The getting and giving of God’s goodness

In Matthew 7:1-6, Jesus has just discussed an interactive dynamic of grace-and-truth that must exist amongst the brethren with boldness and discretion and without hypocrisy or haughtiness.  From there, however, Jesus seems to change topics.

In v7, he says “Ask, and it will be given to you; seek, and you will find; knock, and it will be opened to you.”

It’s an imperative that summons followers to a constant tenaciousness—keep asking, keep seeking, keep knocking—in their pursuit of something Jesus does not actually clarify here. With a follow-up comment“For everyone who asks receives, and he who seeks finds, and to him who knocks it will be opened”—Jesus affirms their tenacity will be met with results. But other than tenacious prayerful pursuance, what exactly is Jesus calling us to so vigorously pursue?

He then introduces an illustration: “Or what man is there among you who, when his son asks for a loaf, will give him a stone? Or if he asks for a fish, he will not give him a snake, will he? If you then, being evil, know how to give good gifts to your children, how much more will your Father who is in heaven give what is good to those who ask Him!”

If even flawed fathers know how to give their children what is good, our faith and reverence should be strengthened when considering “how much more” our good Father is in giving what is good to we who tenaciously pursue it. So here now the nature of our tenacious pursuit is clarified as “what is good”. But what is meant by good?

A second look at Jesus’ illustration may help. The son in the illustration asks for a loaf or a fish. Neither of these are toys or pets, but food; items meant to give life. The other two items incredulously hypothesized are a stone or a snake, objects that will not provide life or be for the child’s good. The difference between these two sets of gifts is that which gives life to the child and that which doesn’t. The good we are to so tenaciously pursue from the Father, therefore, is that which manifests in the provision and preservation of life.

Now up until this point, it could seem this pursuit of the Father’s life-giving goodness has been laid out to us for our own personal benefit of health and happiness. In v12, however, Jesus adds “In everything, therefore, treat people the same way you want them to treat you, for this is the Law and the Prophets.”

It now suddenly seems Jesus is reverting back to his theme of how his disciples are to interact with others. The therefore Jesus includes here hints this discussion has all along been framing how his followers’ pursuit of the Father’s life-giving goodness should be done on behalf of others as eagerly as we would do so for ourselves. Why didn’t Jesus simply mention it while discussing his disciples’ interactions with others in Matthew 7:1-6? Perhaps because good treatment can’t be properly understood until it is witnessed in the Father.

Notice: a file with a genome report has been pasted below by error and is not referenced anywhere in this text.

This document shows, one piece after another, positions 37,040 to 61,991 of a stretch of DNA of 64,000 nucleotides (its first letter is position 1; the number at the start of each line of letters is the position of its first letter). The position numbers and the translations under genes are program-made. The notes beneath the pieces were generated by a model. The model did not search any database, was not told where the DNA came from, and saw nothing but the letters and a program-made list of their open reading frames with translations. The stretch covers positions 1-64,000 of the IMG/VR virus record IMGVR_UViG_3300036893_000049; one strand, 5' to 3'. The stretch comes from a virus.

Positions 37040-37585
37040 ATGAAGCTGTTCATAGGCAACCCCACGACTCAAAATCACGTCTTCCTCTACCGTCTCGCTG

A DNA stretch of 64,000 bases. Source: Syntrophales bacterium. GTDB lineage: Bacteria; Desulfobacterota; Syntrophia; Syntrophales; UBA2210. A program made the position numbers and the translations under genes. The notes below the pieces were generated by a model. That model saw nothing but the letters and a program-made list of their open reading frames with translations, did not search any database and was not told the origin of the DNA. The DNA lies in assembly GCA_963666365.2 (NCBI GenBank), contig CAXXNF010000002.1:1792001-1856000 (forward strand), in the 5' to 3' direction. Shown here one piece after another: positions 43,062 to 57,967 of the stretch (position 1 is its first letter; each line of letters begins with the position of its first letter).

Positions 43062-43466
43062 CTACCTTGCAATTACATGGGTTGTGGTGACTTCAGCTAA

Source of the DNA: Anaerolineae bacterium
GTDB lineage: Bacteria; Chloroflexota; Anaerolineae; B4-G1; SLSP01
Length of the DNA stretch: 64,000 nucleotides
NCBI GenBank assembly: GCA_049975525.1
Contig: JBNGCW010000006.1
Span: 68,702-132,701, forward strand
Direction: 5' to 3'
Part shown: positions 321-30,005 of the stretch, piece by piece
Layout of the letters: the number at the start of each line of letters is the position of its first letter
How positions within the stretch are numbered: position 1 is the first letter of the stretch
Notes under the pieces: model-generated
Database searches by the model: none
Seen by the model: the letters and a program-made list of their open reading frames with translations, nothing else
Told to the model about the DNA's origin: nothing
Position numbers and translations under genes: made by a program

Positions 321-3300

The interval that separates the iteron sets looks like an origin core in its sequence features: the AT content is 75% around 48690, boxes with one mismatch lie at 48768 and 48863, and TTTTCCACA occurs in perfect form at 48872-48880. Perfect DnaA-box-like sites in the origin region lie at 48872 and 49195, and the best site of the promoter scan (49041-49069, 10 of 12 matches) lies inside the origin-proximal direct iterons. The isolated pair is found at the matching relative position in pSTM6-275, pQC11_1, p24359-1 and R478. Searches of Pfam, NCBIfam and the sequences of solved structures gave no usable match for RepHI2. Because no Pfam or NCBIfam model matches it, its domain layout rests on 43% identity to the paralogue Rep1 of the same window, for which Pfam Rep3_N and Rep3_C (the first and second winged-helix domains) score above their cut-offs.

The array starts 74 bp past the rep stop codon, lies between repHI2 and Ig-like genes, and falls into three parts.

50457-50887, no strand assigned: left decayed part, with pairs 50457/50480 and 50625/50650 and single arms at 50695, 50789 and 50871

Jesus’ previous conversation in Matthew 7:1-6 exposed our human tendency to interact with people in ways that are hypocritical, focusing on the speck in their eye while ignoring the log in ours. In our hypocrisy, we demonstrate a strange willingness to treat people in ways we ourselves would never want to be treated. This oddity seems to suggest we may not actually know what good treatment looks like or how we want to be treated. If that is the case, we can’t yet claim to know how to treat others. Thankfully, however, Jesus took the time to establish it for us.

Jesus’ explanation in v11 establishes the Father’s life-giving goodness as the basis for how we perceive our value in His eyes. We now know we can trustingly and persistently beseech the Father for His good provision.

But just as v11 challenges us to see “how much more” the Father’s goodness is visited upon those who tenaciously pursue it, v12 immediately challenges us to also pursue that goodness on behalf of others. God’s goodness cannot be sought and kept simply for our own benefit; doing so defies the benevolent nature of God’s goodness and deprives our surrounding communities of its redemptive and transformative properties. If goodness is something we hope to seek and keep only for ourselves, it will never remain good.

I had hoped to post this article a few days ago, but several tragedies then suddenly struck—the shooting of a black man in Baton Rouge, a shooting of another black man in Minneapolis, and, last night, a reactionary mass shooting of police officers and some bystanders in Dallas.  As these tragedies open afresh the wounds of our local, national, and human communities, I hear Jesus’ words with new conviction as his imperative still speaks.

Kingdom citizens must keep asking the Father for the news and provision of His kingdom-centered goodness to be poured into the communities in which we continually witness.  We must keep seeking to be agents of kingdom-centered goodness in our communities through the kingdom-centered ways we live.  We must keep prayerfully knocking on every door that could open up and welcome God’s kingdom-centered goodness to enter and therein find a home.

As this “Law and the Prophets” essence continually calls the community of Christ to embody a love for our neighbors learned from our Father, how we give it witness can bring us all into a better understanding of “what is good” and from that understanding could come a greater awareness and assurance of the Father from whom goodness flows.


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